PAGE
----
Max Stirner´s Anarchist Gospel
Sixty years ago, a book entitled “Der Einzige und sein Eigentum” (generally translated “The Individual and his Property”) was published in Berlin. It has been described as “the most revolutionary book ever written,” and its author. Max Stirner, was perhaps the leading intellectual precursor of modern philosophical anarchism. When he died, in 1856, in comparative poverty and obscurity, his theories had made but little headway; but during the years that have passed since then both book and author have commanded increasing study and respect. It begins to look as if Max Stirner might yet take rank with the great philosophic thinkers of the nineteenth century. He exerted profound influence over
Nietzsche, and, in the opinion of no less an authority than Eduard von Hartmann, his work surpasses that of Nietzsche “by a thousand cubits.” “Der Einzige” has been translated into French, Spanish, Russian and Italian; and critical studies popularizing its arguments have appeared in almost all the European countries. George Brandes, a critic of rare discernment, is one of Stirner’s interpreters, and John Henry Mackay, the German poet, has written his biography. On Mackay’s initiative a suitable stone has been placed above Stirner’s grave in Berlin, and a memorial tablet upon the house in which he died; and this spring another tablet is to be set upon the house in Bayreuth where he was born in 1806.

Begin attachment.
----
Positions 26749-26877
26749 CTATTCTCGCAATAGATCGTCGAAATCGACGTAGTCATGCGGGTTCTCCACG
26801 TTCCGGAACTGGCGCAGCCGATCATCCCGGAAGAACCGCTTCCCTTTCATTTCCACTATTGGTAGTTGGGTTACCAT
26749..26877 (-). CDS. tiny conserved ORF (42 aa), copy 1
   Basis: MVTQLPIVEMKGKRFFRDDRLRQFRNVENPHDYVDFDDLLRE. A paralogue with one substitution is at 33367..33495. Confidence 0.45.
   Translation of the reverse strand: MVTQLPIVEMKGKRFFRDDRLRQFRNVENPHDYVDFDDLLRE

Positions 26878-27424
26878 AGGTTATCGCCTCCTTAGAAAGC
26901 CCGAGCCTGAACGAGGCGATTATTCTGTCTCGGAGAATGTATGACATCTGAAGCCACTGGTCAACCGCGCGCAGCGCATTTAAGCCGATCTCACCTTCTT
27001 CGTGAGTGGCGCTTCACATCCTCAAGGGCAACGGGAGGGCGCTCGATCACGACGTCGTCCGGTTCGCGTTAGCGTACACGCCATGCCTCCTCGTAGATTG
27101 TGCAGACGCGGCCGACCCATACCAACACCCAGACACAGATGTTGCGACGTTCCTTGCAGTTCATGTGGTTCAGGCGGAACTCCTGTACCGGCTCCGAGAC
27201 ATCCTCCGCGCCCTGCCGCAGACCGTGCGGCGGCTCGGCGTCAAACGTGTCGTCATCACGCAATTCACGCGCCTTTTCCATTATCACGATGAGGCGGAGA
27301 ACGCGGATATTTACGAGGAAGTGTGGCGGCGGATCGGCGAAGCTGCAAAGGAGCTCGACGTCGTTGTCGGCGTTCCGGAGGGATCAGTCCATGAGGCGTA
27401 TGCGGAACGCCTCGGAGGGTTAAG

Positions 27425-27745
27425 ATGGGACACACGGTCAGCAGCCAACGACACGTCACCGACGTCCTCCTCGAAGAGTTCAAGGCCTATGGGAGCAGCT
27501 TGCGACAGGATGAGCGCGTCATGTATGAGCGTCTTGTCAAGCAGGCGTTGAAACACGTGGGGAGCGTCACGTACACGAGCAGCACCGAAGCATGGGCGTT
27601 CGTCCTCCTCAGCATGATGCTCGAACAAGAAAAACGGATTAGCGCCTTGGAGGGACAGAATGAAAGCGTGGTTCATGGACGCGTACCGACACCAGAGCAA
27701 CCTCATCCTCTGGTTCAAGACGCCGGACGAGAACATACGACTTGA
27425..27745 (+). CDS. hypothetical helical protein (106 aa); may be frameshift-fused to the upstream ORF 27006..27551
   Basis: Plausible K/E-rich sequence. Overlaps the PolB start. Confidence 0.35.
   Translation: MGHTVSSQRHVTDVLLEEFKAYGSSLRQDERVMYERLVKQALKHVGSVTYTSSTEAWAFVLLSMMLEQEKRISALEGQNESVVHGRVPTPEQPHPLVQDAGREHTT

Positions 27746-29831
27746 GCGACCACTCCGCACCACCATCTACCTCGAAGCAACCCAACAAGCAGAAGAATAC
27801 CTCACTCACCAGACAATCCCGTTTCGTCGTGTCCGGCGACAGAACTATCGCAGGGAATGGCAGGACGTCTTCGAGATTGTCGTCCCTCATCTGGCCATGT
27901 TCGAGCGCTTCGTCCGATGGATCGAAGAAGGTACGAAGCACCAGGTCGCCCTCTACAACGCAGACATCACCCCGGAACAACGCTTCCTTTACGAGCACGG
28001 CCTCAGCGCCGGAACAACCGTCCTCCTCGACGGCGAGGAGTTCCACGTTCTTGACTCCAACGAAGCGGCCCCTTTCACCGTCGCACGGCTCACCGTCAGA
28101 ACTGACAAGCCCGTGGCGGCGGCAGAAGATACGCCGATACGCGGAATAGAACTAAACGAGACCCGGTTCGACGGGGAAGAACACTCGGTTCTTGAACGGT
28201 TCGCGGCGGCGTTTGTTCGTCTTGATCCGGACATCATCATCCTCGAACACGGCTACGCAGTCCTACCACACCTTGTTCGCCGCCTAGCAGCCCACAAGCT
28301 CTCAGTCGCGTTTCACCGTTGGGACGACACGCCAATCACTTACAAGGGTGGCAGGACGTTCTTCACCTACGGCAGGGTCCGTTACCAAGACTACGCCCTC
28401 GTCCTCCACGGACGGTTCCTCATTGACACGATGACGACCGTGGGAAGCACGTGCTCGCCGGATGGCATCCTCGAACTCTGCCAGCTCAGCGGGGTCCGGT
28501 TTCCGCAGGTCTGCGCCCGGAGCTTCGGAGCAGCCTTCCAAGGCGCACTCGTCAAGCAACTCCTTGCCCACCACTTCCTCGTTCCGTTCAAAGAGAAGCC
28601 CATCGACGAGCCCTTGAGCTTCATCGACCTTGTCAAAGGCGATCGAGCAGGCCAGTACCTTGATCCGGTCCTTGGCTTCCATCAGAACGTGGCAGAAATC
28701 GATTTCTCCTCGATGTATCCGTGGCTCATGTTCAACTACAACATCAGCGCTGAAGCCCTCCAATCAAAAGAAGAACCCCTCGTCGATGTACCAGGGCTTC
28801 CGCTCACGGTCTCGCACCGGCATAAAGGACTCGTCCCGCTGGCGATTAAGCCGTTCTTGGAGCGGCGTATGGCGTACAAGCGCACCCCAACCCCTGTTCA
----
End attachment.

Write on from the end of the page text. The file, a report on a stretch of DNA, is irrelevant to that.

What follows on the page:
An English translation1)The Ego and His Own. By Max Stirner. Translated from the German by Steven T. Byington, with an Introduction by J. L. Walker. Benj. R. Tucker, New York. of “Der Einzige,” which has just appeared in New York under the title, “The Ego and His Own,” makes Stirner’s gospel accessible for the first time to American and English-speaking readers. He is difficult to read, and his oddities of composition and terminology often tend to obscure his meaning. “There is nothing more disconcerting,” one of his French commentators has confessed, “than the first approach to this strange work. Stirner does not condescend to inform us as to the architecture of his edifice, or furnish us the slightest guiding thread. . . . The apparent divisions of the book are few and misleading. The repetitions are innumerable. At first one seems to be confronted with a collection of essays strung together, with a throng of aphorisms. . . . But, if you read this book several times; if, after having penetrated the intimacy of each of its parts, you then traverse it as a whole—gradually the fragments weld themselves together, and Stirner’s thought is revealed in all its unity, force, and depth.”